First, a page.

September 16, 2022

4 Systems to Evaluate as Your Team Goes Global or Remote

Multinational conglomerates aren’t the only companies that go global. Smaller businesses are also hiring international talent to stay competitive. Testing the waters in new markets and closing staffing gaps are some of the top reasons. However, so is the need to reshape organizational cultures into remote-first work environments.

The global pandemic has reshaped market dynamics and the expectations of job seekers and employees. They want more balance in the employee-employer relationship, including the flexibility of hybrid and remote work schedules. That said, working with a global team presents new logistical, legal, operational, and technical challenges. As business leaders create cross-functional international teams, here are four systems they should evaluate.

1. Payroll

At the end of the day, most employees and contractors are going to want a steady paycheck. When payments are late or full of errors, it damages relationships and makes workers ill at ease. Contractors might ask about canceling their agreements, and employees could pull back their efforts. However, paying global contractors and employees isn’t as cut-and-dried as it is with a domestic team.

International payroll requires a few more considerations. Each country has laws that determine employee benefits, taxes, and whether a business can classify workers as employees or contractors. Generally, companies that don’t have an established legal entity in a country need to work with an employer of record. Besides handling global payroll services, an EOR provides businesses with a legal avenue to hire employees, not just independent contractors.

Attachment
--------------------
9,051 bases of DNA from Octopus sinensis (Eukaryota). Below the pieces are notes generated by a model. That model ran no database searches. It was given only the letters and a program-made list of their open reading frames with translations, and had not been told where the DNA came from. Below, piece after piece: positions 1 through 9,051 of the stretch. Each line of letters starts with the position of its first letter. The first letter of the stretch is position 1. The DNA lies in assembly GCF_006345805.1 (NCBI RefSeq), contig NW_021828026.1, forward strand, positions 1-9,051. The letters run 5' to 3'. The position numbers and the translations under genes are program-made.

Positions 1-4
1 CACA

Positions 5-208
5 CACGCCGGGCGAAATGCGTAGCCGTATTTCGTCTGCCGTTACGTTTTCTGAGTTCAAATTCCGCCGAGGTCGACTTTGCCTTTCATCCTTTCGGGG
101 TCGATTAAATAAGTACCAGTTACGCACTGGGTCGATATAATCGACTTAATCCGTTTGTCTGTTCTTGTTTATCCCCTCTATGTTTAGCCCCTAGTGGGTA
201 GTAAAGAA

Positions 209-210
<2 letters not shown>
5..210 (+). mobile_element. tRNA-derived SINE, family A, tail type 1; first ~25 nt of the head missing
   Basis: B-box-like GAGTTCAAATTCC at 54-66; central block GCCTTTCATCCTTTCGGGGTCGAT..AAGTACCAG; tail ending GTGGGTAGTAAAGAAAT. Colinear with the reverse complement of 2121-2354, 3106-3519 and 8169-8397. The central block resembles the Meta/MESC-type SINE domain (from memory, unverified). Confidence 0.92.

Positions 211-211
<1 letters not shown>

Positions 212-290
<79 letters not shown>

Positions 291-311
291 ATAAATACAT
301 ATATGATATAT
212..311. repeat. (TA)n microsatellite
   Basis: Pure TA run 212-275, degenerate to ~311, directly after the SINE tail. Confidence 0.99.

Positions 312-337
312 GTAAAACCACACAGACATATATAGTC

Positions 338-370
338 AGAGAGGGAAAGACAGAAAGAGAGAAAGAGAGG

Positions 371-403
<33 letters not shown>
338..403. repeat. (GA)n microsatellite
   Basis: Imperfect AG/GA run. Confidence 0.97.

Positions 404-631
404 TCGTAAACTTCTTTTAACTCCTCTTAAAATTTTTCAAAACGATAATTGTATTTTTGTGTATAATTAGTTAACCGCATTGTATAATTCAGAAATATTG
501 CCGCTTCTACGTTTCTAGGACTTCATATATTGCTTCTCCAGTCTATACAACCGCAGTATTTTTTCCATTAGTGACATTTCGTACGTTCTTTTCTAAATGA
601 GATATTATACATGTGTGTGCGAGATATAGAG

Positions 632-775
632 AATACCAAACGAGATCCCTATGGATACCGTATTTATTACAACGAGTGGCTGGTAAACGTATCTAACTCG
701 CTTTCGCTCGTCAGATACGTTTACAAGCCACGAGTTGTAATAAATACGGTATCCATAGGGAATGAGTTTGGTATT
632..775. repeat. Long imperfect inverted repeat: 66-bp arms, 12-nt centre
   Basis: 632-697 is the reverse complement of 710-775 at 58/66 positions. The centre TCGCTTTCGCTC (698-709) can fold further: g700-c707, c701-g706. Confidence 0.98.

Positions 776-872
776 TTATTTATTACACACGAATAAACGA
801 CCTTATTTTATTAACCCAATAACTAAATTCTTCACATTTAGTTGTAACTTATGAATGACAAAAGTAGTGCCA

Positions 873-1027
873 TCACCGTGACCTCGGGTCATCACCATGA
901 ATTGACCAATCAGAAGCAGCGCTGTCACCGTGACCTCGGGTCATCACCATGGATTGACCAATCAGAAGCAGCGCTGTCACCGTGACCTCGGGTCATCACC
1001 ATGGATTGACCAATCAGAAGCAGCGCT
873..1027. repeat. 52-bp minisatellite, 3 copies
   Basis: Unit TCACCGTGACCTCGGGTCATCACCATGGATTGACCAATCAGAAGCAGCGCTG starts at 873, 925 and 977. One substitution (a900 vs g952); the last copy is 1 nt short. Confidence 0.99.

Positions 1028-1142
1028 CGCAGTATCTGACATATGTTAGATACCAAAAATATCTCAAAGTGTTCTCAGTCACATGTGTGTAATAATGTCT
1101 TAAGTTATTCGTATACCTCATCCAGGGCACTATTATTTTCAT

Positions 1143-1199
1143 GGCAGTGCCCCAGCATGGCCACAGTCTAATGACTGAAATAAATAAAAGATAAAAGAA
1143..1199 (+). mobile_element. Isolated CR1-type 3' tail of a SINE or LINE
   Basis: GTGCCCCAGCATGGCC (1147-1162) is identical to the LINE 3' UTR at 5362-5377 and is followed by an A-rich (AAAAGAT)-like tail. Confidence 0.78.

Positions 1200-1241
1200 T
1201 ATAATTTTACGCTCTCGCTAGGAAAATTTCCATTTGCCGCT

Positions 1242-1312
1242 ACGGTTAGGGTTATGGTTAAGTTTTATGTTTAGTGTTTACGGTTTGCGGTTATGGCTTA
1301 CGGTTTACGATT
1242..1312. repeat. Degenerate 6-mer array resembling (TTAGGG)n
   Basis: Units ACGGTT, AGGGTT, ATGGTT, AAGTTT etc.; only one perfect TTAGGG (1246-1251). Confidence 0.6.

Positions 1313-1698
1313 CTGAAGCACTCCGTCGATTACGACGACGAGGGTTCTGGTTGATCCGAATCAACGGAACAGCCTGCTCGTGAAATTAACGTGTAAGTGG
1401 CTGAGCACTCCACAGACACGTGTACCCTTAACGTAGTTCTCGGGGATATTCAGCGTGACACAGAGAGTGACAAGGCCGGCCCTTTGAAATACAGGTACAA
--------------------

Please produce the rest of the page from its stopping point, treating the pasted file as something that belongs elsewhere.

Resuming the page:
Depending on operational needs, an EOR can remove some of the headaches that a professional employer organization can’t. Like a PEO, employers of record handle payroll and benefits administration; unlike a PEO, they hire employees on a company’s behalf. EORs ensure businesses remain compliant with a country’s labor laws without requiring a separate legal entity. Employers of record can also pay international contractors, streamlining payroll for diverse global teams.

2. Collaboration and Project Management

Global teams need functional ways to communicate and keep projects flowing through the pipeline across time zones. Workers scattered throughout various countries often don’t have the luxury of picking up the phone or walking across the hall. Still, they have deadlines to meet and assignments that may require a combination of solo and group contributions. As in any team, international workers will also have questions and run into roadblocks.

Collaboration and project management solutions can provide global teams with the tools they need to work on tasks together. Yet there can be significant differences in the capabilities of various platforms. Some project management applications have all the bells and whistles, including videoconferencing, instant messaging, and cloud file sharing. Others are smaller in scope, prompting businesses to add separate communication apps to their tech stacks.